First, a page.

While we’re talking, Vanya is watching a cartoon. He’s glad the conversation’s going on for so long, because normally he’s not allowed to spend so much time in front of the TV. “Though right now I’m trying to give Vanya as much freedom as possible. I let him choose what to do for himself. And he’s changing before my very eyes, becoming more independent. After those months of radiation and anti-tumour therapy, Vanya was very withdrawn, and he stuck to me like glue. Now he can go draw on his own, or build LEGOs. He’s started letting me go to the kitchen on my own.

“Of course, Vanya and I are always together, since he doesn’t go out—not to kindergarten and not to children’s clubs. We’re living on Vanya’s disability benefit in Moscow, and we don’t have the money to pay for clubs, swimming pools or preparing for school. My friends help me, as do other mothers, and my brothers send me some money from Krasnodar. It’s only just enough to cover daily expenses.”

Kseniya’s biggest dream is to give Vanya a proper “childhood”, to have him go study in clubs and make friends. “In hospital, Vanya would often wake up in tears. He’d been dreaming of kindergarten. He asked me if we could go there again. I didn’t know what to tell him, so I’d distract him from those thoughts. Now, in principle Vanya can go to kindergarten, but I can’t sign him up to a normal one with large group sizes. Vanya’s tumour is inoperable, so it’s still there, and even a trivial injury could put his life in danger.”

Kseniya could talk about Vanya forever. She spends the entire two-hour interview talking about her son with joy and delight. “Vanya is my soul, my life. What more can I say?” she confesses at the end. But when you ask her about her own health, she falls silent, not knowing what to say. “What can I tell you? I spend 24 hours a day and 7 days a week with Vanya, and I don’t get a single minute to stop and sit down. I’m always doing something with him… Before, I had the night to wash, do some laundry and cook for the next day.

“I don’t think about myself. I know I should take care of myself and look after my health, but I never get round to it. I haven’t even been for a general check-up in several years. Now that Russkoye Pole’s been cutting back, mothers can’t have tests there, and I don’t have any opportunities to go to a clinic…” Kseniya looks thoughtful, and for the first time her voice sounds uncertain. “I’ve always had good stamina. I’ve played sports, and generally looked after myself. But I gave birth late, at 38, and of course that’s had an impact on my health. Plus I ended up on my own with a child. That’s when I stopped looking after myself—I simply didn’t have any personal time. And now, as I’m sure you understand, I don’t think about myself. Even though I know it’s wrong. But I’m the only one who can help my son. Sometimes you collapse at the end of the day drained to the last drop, and it seems like you can’t even raise a hand, never mind standing up. But then you remind yourself that you’re all Vanya has, that you’re his strength, his life. And you get your fourth wind of the day, and get up and go do what you have to.”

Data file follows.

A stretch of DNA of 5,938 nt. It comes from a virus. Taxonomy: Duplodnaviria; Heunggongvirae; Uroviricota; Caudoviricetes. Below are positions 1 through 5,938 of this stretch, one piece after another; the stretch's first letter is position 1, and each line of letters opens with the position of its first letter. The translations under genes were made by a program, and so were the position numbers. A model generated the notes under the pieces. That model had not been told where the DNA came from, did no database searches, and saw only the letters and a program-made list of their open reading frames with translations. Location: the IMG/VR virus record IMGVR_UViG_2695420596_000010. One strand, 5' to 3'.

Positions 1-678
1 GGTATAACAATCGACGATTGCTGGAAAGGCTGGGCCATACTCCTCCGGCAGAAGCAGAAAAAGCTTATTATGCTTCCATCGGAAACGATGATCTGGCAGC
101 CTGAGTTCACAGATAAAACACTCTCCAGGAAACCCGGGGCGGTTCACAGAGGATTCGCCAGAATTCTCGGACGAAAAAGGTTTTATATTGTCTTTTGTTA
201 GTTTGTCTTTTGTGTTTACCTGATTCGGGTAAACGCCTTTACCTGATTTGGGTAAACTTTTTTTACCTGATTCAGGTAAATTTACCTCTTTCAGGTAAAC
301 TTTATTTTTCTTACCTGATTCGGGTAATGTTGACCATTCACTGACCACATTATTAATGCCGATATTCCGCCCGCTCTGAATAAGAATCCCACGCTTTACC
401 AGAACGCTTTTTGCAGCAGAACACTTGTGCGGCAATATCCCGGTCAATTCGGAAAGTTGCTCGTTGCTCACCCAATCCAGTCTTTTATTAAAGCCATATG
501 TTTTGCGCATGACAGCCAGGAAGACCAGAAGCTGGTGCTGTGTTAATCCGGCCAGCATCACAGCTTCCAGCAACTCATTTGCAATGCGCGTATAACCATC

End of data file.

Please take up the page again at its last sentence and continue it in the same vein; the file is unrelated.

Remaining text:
Kseniya’s voice turns serious, but there still isn’t any weariness in it. She talks about her hard life with happiness, and talking to her makes you feel happy and gives you new energy. That’s why the mothers of sick children call Kseniya every day—she offers them support, and she tells them the exact words of consolation that they need to hear right now, not rote platitudes. Kseniya is certain that it is these other mothers’ support that helps her endure: “Everything important that I’ve learned about my son’s illness and his condition I’ve learned from other mothers. The doctors don’t tell us these things. They don’t feel the need to, and it only makes them uncomfortable. But I am utterly convinced that every mother has the right to receive every last bit of information and make her own informed decision. We bear the responsibility for our children. We’re the only ones to whom they matter. Unfortunately, these days we have to fight for our right to information, for our right to social support. Heck, I only found out from other mothers that my son’s entitled to disability benefit. Neither the doctors nor the social workers I spoke to ever told me. ”

Kseniya dreams of creating a resource website where mothers can share information and advice, and give each other support. “I want everything I’ve learned over these years to help other families. By and large, we’re the only ones to whom our children matter. And I fear to imagine what would have become of us if it hadn’t been for volunteers and charity donors. Right now, I don’t know programming, but I’m trying to find people who can help me with it.” And when you listen to Kseniya, you have faith that it will all work out. It’s not by accident that she’s become an example for so many—other mothers tell each other Kseniya and Vanya’s story because it is a story that inspires you to believe, to hope and to fight.